But what is that true good for Luther? It is always, in part, a negative good, a “remedy against sin,” a wall against polymorphous perverse. But as early as 1519, Luther’s preaching about marriage identified its “real fruit as children, whose rearing was the special responsibility of the married estate… In the raising of children one obtains the greatest indulgence. Children brought up correctly are the good works… which one leaves behind, and which shine in one’s death and thereafter.” This good of marriage in children is a leading motif in Luther, from which he never departs. Sammeli Juntunen advances the following definition of marriage from his study of the Luther texts: “Marriage is a divine and legitimate union (coniunctio) of a husband and wife in the hope of children, and in order to avoid fornication and sin, to the glory of God. The ultimate goal is to obey God, to avoid sin, to call on God for help, to ask for children, to love and raise them to God’s glory, to live with the wife in fear of God and to carry the cross.” This fuller and more complex definition of marriage and its true goods reflects the larger story of Genesis 1-3, i.e. taking into account the dissonance introduced by the disobedience of the first couple and the sinful concupiscence which now fills the vacated place of love of God in forming the chaotic desires of the human heart. The new situation of life in exile from paradise makes marriage necessary, not only as divine mandate or as command (Genesis 1:26-28) spontaneously assented (Genesis 2:23), but now also as social institution and legal demand, as duty imposed with its legal constraints and threats (Genesis 3:16-19). Now married life is also the duty to procreate and the wall against sinful fornication. Luther therefore also included readings from Genesis 3 in his reformed wedding liturgy to tell about “the cross laid upon this estate” and realistically to indicate this post-paradisiacal marital community in suffering as well as in joy.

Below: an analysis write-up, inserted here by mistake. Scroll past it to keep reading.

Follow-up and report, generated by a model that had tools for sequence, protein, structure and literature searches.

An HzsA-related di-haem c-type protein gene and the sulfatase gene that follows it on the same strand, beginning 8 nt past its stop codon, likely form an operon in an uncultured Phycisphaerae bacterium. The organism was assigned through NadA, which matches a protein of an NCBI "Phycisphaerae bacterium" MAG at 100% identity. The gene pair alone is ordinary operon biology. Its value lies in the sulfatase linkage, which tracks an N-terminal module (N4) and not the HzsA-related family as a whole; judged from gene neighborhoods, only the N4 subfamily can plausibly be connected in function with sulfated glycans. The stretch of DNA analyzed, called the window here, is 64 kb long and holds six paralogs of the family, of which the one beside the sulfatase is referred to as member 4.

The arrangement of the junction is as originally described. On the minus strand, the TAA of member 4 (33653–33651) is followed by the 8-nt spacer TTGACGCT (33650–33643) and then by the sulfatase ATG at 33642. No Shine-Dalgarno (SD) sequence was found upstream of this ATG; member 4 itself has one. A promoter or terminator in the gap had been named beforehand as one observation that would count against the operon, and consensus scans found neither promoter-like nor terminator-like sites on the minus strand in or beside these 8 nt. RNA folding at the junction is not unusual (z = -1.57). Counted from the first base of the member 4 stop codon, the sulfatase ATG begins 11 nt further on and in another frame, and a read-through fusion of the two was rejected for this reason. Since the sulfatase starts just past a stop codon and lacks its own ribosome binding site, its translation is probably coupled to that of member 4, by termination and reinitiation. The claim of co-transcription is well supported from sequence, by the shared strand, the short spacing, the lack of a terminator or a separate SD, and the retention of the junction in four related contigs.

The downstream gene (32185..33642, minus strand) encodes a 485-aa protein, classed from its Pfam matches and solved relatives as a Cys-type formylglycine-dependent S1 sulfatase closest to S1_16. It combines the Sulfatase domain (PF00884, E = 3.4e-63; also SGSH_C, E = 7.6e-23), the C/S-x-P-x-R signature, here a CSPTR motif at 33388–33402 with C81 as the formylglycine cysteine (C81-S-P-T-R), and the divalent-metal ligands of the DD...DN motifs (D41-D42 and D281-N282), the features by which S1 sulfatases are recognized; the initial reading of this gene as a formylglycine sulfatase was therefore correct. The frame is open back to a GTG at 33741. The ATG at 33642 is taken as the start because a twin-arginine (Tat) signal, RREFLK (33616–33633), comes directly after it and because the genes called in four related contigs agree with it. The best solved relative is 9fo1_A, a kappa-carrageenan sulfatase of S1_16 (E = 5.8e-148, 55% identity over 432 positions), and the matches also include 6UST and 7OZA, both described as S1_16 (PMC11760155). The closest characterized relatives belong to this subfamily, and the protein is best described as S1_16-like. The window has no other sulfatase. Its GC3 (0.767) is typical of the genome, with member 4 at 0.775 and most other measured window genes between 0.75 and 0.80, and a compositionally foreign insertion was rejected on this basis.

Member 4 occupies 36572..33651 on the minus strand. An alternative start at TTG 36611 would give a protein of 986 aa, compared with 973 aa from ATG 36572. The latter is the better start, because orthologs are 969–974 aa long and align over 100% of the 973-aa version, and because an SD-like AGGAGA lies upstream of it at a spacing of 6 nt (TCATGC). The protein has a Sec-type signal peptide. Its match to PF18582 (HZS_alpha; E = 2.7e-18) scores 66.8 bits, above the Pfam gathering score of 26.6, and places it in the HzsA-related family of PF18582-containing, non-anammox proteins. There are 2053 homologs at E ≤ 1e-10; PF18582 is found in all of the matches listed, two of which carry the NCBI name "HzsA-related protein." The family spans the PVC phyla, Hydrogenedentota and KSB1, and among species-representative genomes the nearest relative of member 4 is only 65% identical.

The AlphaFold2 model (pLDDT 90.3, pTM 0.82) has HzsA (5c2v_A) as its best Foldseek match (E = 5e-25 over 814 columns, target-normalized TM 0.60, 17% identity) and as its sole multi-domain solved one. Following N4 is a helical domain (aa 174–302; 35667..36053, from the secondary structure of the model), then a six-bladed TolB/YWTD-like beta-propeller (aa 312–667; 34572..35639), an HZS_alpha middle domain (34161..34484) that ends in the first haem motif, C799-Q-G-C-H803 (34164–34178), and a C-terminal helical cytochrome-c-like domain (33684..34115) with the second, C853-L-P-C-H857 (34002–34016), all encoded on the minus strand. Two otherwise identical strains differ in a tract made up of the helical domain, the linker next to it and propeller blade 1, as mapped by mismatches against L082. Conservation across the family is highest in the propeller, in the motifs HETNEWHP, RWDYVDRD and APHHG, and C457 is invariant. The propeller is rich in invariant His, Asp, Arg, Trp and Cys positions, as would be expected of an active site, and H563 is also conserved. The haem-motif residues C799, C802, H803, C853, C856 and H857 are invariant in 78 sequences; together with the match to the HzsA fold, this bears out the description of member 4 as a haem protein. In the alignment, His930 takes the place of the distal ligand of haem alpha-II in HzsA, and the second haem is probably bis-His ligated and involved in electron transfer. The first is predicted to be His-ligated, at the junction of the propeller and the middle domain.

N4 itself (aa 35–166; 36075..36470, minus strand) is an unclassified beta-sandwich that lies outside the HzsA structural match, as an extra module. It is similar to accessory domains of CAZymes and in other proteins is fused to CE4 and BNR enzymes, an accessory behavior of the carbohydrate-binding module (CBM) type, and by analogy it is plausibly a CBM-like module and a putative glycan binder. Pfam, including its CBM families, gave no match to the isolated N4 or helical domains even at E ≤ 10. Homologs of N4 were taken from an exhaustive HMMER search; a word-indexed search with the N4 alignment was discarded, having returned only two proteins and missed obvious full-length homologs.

As duty to procreate and remedy against sin, the institution of marriage after Eden does double duty. It defends externally by erecting a legal wall of separation against wayward desire as well as internally through that cross-bearing, which according to Luther’s theologia crucis, is a tool of the Spirit for our redemption from the power of sin: “it is a precious and noble work… to endure much misfortune and many difficulties in the person of wife, children, servants and others… he who believes it and rightly understands it, sees how good it is for the soul, although it is an evil for the flesh and its lusts.” Luther’s meaning here, so offensive to William James’ ‘healthy-minded religion’ of progressive Protestantism, is that community in suffering as also in joy morally purifies and so sanctifies desire. It does this by giving each partner to care for the other in the inevitable troubles that their united form of life entails. Marriage takes such a form in the frustrated creation, fallen and groaning under the power of sin. But this is its true good for human beings who learn in this “real religious order” compassion, patience and trust in God.